Here at the gym we have a big sign in the window that says “Look Better Naked.” Much like a good title of an article, it does it’s job and gets us lots of attention. But, everyone knows that just because that sign is in the window, it doesn’t mean that anyone has to actually physically get naked. It’s the training we provide that defines us, NOT that sign in the window! That’s what I mean by hitting the bullseye of the wrong target!

 

In regards to what was said in the letter about my “cons” list possibly discouraging some one from buying a Prowler. Again, the Angry Coach is absolutely correct! But, I also included a list of PROS that certainly WOULD encourage some one to buy a Prowler! That part of my article was ignored in the letter above. And, I also mentioned several times within that article that I like the prowler and use it for physique competitors and lots of general fitness clients. Interestingly enough, along with my Pros list, ALL of the positive things I said about using the prowler, like how it’s a GOOD tool, which seems to be getting overused, was NOT mentioned in his letter what so ever.

 

Here’s myself, Coach Shane Davenport and Bikini Competitor (and mom) Alli Oliver talking about her insane conditioning workouts, which incorporate the Prowler!

 

 

Furthermore, the concept of my article was to empower readers with an OBJECTIVE look at using the Prowler so they could make an informed decision for themselves as to how they feel it may best be applied in their programs. As I said in the article “use the tool, don’t abuse it.” Plus, I wanted the reader to also see my thought process as to why I’ve adjusted my programs to use the drills included within the article.

 

Now, providing BOTH the Pros AND Cons is what an objective look is! The fact that my list of pros and all my positive comments about using the prowler were pretty much left out of the above article/letter  is a prime example of the blatant lack of objectivity with the fitness training world these days. That’s precisely why I take great pride in providing the best training info I can – And do it ALL from an objective standpoint! I always provide new ideas and innovative exercises that give readers simple and immediately applicable training solutions to common problems they face. Plus, I’m careful to write my articles in such a manner that not only informs the reader, but also inspires them to think for themselves and to not be afraid to use their own creativity to find simple solutions, instead of exclusively relying on buying into some one else’s ideas. Im proud to say that my Prowler article is no exception!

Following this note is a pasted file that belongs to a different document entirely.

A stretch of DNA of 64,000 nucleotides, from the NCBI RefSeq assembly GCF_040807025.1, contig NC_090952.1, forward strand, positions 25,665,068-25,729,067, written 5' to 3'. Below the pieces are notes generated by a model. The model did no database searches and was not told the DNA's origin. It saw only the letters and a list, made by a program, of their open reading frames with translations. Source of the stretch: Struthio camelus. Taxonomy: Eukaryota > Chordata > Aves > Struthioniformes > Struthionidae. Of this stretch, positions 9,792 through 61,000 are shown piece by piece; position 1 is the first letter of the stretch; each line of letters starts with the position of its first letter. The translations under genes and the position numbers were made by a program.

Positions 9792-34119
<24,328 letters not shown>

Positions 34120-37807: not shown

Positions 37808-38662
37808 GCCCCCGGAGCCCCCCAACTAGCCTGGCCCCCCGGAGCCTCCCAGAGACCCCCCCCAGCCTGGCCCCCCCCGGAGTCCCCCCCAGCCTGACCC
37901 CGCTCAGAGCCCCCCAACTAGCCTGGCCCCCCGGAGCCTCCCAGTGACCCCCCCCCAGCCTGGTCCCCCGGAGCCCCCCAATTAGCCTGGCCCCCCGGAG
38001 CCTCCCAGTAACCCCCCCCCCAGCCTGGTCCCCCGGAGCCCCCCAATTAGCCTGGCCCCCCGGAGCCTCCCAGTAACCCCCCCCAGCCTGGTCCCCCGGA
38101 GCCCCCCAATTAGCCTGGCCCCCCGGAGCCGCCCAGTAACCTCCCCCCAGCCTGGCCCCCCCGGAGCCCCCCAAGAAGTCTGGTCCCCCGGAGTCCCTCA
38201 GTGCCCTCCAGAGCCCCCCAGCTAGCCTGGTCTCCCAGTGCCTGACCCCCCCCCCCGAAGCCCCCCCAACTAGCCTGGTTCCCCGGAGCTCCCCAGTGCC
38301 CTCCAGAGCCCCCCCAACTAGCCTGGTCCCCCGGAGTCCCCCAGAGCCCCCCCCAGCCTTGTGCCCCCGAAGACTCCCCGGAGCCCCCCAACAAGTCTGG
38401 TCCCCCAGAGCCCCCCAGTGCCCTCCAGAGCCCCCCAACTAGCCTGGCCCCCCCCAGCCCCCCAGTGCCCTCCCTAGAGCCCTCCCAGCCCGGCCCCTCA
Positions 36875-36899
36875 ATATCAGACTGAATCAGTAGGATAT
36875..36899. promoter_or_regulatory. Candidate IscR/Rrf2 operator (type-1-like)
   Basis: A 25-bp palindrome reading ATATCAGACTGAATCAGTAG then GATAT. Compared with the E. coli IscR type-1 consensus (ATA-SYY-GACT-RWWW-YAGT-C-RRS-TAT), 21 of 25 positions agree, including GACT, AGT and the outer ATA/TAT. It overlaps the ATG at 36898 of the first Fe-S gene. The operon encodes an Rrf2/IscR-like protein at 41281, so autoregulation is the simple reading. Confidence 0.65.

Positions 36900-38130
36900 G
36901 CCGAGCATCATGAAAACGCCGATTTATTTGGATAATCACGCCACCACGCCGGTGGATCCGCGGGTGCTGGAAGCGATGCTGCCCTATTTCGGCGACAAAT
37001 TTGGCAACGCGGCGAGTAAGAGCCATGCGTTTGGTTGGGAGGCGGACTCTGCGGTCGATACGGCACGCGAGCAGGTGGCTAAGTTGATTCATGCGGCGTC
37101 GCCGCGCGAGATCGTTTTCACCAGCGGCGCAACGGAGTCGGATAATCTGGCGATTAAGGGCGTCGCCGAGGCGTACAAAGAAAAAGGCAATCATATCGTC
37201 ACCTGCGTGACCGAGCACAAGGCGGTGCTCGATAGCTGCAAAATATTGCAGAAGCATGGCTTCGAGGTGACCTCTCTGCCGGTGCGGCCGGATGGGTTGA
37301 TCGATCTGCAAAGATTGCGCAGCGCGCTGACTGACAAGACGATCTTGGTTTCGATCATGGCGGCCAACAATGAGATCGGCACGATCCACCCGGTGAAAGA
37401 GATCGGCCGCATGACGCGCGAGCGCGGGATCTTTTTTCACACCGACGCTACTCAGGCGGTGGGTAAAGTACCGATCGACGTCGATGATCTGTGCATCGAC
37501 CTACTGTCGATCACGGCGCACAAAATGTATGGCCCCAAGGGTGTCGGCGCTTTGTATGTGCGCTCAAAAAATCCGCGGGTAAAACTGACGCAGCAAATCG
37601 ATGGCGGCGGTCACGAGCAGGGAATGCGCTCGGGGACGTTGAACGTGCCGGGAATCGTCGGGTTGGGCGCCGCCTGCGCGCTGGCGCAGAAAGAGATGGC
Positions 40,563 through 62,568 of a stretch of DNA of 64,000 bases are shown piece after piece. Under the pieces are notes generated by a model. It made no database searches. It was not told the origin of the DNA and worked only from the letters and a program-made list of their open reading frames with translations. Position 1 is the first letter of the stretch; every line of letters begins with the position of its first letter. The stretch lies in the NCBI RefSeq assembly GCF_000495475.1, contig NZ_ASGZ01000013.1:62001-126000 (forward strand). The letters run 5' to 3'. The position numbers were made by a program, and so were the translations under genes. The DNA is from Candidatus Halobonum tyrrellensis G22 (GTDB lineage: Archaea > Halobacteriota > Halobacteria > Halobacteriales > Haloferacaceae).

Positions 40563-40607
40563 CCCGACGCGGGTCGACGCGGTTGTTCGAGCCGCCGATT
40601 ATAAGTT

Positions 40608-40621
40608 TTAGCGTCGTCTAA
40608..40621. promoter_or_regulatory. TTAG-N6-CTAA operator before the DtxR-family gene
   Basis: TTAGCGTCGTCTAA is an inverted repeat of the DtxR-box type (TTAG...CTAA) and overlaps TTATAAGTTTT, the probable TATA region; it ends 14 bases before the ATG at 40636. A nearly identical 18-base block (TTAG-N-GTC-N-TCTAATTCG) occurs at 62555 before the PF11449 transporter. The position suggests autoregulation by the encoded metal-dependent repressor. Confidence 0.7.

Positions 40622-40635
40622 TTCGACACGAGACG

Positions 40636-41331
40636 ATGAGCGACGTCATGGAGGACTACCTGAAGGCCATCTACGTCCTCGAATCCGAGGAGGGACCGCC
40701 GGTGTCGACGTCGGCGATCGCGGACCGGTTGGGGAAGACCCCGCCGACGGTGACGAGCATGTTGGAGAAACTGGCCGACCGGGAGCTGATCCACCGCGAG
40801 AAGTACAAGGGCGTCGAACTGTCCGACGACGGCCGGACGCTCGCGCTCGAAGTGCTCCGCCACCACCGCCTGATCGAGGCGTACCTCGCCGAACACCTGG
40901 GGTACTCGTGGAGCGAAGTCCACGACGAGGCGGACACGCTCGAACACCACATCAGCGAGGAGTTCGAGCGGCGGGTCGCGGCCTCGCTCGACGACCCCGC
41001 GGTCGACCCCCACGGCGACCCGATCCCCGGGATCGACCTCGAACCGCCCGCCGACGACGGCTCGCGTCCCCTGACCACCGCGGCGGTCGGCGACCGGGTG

Finally, in regards to what was said in the letter about my article having inconsistencies in it. I’d agree, again, with the Angry Coach! In fact, after reading ALL of my articles once they’re published, I always think that I could have been more clear on a few things. That’s just what happens when you’re a perfectionist and can’t settle for anythitng less than the absolute best you can do!

 

So, here’s some quick and easy clarification of a fews things, based on the Angry Coaches comments:

 

– If I’m looking for a slower alternative to the prowler (that’s Prowler-ish), I’ll use the tire drills shown in the article.

 

– If I’m looking to use a faster, more upright posture for conditioning an athlete, I’ll use sprints, stairs and hills as I described in the article.

 

– Although the Prowler does put you into driving positions similar to those of pushing your opponent during aspects of MMA, wrestling and/or  football lineman. I’ve personally found the Tire drills I showed in the article to match those postures slightly more closely than what I have seen with the Prowler. The closer the postures are to the actual sport action, the closer the force production patterns are, which mean’s the more likely you’ll see the training gains transfer into the sport. At least that’s my thought process and approach to training, which is why I choose those alternatives.

 

Finally, Al Vermeil said the quote about “too much sled work making athletes grinders”, not me. I appreciate that the Angry Coach tried to give me credit for something said by one of the most legendary and smartest strength coaches of all time. But, I must give credit were credit is due.

 

I included Al Vermeil’s statements in my article because I felt they added to the overall concept of the article and I found them interesting enough to go back and re evaluate the way I was using prowler training in my programs to begin with. Hence, what inspired  me to write the article and share that with everyone else as well!

 

In conclusion, I greatly appreciate that “The Angry Coach” took the time to not only speak his mind, but to also provide me with his feedback. It’s precisely this type of feedback that helps me consistently re evaluate what I’m doing and grow to become a better trainer, writer and overall communicator. A BIG thanks goes out to the Angry Coach for helping me step up my game!

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I’d love to hear YOUR thoughts on all this. So, please post your comments below!